Nigeria's Ban on Female Mutilation is an Important Landmark

You may or may not be aware of an extremely popular practice that occurs in other regions of the world, known as female genital mutilation (or FGM), but after reading this article we hope you'll spread the word. In many cultures, women must be virgins and "pure" when they get married, so it is a common practice to remove part or all of a woman's outer sexual organs in order to preserve this purity. The culture dictates that if a woman's parts are removed, she will subsequently have less drive and be less likely to have premarital sex. But this horrific and painful procedure can also cause infertility, death during pregnancy/childbirth and infections. According to World Health Organization predictions, some 125 million women across the globe suffer from FGMs, but with new legislation from Nigeria, that number might change.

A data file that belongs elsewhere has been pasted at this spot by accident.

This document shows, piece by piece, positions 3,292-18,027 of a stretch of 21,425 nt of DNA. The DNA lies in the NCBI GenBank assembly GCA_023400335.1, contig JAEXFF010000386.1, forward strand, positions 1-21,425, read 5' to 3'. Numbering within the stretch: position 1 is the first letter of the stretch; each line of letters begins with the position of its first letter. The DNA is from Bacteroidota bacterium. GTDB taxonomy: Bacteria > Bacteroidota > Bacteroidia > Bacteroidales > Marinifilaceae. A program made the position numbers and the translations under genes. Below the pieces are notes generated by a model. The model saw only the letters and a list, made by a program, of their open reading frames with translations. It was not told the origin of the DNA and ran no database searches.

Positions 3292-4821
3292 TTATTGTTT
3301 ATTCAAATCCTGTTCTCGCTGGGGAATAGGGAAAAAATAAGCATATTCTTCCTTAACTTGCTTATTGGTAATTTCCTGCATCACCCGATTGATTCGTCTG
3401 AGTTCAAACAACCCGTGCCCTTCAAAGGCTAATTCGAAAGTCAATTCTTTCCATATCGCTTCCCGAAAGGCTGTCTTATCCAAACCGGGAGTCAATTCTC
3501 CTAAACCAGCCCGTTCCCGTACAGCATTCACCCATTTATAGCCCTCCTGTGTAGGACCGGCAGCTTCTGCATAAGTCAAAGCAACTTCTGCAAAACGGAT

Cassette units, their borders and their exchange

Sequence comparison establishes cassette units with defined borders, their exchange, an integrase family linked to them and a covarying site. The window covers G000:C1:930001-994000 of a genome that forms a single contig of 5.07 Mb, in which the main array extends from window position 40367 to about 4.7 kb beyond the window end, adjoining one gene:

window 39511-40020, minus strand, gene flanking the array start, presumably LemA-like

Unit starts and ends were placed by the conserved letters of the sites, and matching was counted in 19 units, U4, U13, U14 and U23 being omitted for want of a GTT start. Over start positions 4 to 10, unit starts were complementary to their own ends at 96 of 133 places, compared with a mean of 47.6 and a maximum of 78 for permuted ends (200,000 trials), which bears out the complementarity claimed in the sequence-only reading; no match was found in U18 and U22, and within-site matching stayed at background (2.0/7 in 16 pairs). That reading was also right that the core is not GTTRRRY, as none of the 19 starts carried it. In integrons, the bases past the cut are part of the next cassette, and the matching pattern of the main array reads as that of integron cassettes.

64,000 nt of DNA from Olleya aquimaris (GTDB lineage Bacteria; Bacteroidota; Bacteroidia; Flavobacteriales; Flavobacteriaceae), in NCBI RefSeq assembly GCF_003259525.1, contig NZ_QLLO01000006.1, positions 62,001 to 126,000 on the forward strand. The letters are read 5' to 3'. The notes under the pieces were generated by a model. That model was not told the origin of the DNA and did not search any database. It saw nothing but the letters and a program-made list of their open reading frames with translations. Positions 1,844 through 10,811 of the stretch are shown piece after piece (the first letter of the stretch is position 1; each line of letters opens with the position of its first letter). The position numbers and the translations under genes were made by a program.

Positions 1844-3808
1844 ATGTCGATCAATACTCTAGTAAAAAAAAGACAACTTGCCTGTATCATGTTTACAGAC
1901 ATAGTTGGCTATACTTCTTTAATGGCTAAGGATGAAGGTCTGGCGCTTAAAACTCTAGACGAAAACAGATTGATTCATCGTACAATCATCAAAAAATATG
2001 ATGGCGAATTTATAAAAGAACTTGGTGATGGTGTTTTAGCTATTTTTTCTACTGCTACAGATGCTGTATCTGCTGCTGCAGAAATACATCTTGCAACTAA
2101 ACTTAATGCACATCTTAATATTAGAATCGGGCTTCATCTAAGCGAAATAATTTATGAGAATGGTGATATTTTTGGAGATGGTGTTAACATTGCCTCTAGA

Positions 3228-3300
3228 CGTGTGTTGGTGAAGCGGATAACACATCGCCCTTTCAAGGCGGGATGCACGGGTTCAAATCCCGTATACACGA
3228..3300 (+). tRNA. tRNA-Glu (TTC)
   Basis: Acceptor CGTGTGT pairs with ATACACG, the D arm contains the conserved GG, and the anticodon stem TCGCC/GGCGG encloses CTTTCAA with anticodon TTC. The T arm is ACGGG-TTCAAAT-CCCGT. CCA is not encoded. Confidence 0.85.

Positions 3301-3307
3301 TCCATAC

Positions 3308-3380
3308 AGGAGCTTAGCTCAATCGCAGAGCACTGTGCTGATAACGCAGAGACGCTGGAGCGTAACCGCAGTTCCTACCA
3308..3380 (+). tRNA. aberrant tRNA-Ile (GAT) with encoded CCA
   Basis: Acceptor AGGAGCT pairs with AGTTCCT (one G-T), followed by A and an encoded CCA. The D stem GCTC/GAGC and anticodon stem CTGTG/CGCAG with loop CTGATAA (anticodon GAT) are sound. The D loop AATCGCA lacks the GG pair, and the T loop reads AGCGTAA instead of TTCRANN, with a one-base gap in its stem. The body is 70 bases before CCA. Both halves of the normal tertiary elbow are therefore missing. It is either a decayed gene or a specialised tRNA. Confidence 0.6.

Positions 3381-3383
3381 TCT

Outgoing Nigerian President Goodluck Jonathan passed a game-changing bill through the Senate on May 5, which would effectively ban the practice of FGMs in Nigeria. The same bill also states that men will not be permitted to abandon their families without providing financial aid. 

The reason this bill is so important is not only because a quarter of Nigerian women have had an FGM, but also because Nigeria is the most populated and one of the most important countries in Africa, so this decision carries possible ramifications for other countries as well. Organizations against FGM hope that the decision will create a precedent for other bills to follow. 

Still. the fight against FGMs is far from over, and if you're hearing about this practice for the very first time, that might just be the reason why. It is a highly obscure and underreported issue, and it's important to raise awareness—it's time for this harmful and dated practice to be over, once and for all.